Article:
Remembering Ahmad Faraz

Published: August 26, 2014
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Faraz was awarded Hilal-e-Imtiaz in 2004 by the then President of Pakistan, Generel Pervez Musharraf. Two years later, he returned the award as a means of protest against the actions of the Musharraf regime. PHOTO: ahmadfaraz.com

Faraz was awarded Hilal-e-Imtiaz in 2004 by the then President of Pakistan, Generel Pervez Musharraf. Two years later, he returned the award as a means of protest against the actions of the Musharraf regime. PHOTO: ahmadfaraz.com

KARACHI: 

Dekho ye mere khwaab thay, dekho ye mere zakhm hain/Maine tau sab hisaab-e-jaan barsar-e-aam rakh diya/Aur Faraz chahiyen kitni mohabbatein tujhe, Maaon ne tere naam per bachon ka naam rakh diya.”

Not only are these couplets by the late poet Ahmad Faraz reflective of the simplicity of his works, but also why he developed such a massive following. The poet, who went on to win accolades such as the prestigious Sitara-e-Imtiaz, died of kidney failure in 2008 at the age of 77. August 25 marks his sixth death anniversary.

Sarmad Faraz, son of the late poet, talks to The Express Tribune about how with each passing year, fans’ love for his father keeps increasing. “His close friends and people he used to hang out with go out of the way to arrange in-memoriam events for him,” he says.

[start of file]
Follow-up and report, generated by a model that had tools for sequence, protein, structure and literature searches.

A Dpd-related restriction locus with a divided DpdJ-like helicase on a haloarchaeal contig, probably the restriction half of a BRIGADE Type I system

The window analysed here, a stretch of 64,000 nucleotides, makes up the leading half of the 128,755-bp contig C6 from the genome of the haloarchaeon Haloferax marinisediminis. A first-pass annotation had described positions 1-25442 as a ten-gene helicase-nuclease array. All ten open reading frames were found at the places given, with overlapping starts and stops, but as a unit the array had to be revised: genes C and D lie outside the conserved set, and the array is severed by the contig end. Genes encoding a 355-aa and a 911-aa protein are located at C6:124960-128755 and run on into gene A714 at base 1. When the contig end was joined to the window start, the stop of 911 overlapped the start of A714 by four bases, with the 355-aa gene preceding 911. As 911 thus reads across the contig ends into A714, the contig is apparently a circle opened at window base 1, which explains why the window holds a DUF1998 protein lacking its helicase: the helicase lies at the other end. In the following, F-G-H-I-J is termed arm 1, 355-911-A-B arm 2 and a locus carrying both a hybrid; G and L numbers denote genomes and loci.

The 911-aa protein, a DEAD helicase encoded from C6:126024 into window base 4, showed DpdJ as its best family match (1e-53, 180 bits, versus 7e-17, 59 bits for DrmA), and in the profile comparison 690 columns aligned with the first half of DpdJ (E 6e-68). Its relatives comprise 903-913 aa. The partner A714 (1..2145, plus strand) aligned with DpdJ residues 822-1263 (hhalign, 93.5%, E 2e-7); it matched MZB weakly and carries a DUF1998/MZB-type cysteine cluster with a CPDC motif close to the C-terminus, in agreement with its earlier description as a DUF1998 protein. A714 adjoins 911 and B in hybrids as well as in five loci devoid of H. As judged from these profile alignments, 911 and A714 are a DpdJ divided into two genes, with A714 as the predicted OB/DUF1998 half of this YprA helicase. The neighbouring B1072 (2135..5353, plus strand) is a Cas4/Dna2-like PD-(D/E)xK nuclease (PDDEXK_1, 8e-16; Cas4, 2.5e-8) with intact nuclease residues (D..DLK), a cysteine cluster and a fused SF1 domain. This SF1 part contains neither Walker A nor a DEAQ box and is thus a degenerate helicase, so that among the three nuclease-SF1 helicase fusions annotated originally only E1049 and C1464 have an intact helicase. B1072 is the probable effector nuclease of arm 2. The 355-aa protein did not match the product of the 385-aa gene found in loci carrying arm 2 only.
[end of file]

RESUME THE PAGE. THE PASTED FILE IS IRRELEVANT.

“But what is really fascinating is the response from people who didn’t know him at all. People like his personal assistant, driver and other support staff own him more than any of his close friends do. This speaks a lot about his personality and the genuine concern from less superficial people.”

Sarmad believes the major reason for such a wide following is the fact that he was able to communicate the most difficult ideas in the easiest language. This gained him respect both in the literary circle and people who were only looking to read or hear a couplet that would make their day.

Faraz was awarded Hilal-e-Imtiaz in 2004 by the then president of Pakistan, Generel Pervez Musharraf. Two years later, he returned the award as a means of protest against the actions of the Musharraf regime.

“My conscience will not forgive me if I remained a silent spectator of the sad happenings around us. The least I can do is to let the dictatorship know where it stands in the eyes of concerned citizens whose fundamental rights have been usurped,” he said when he returned the award, reported the New York Times.

Faraz was arrested for criticising General Ziaul Haq’s government and went into self-imposed exile in the 1980s. Other than his works that make a social commentary on the status quo, his romantic poems gained immense recognition. His works including Ab ke tajdeed-e-wafa ka nahin imkaan jana and Ranjish hee sahi have been sung by music virtuosos across the globe.

Published in The Express Tribune, August 26th, 2014.

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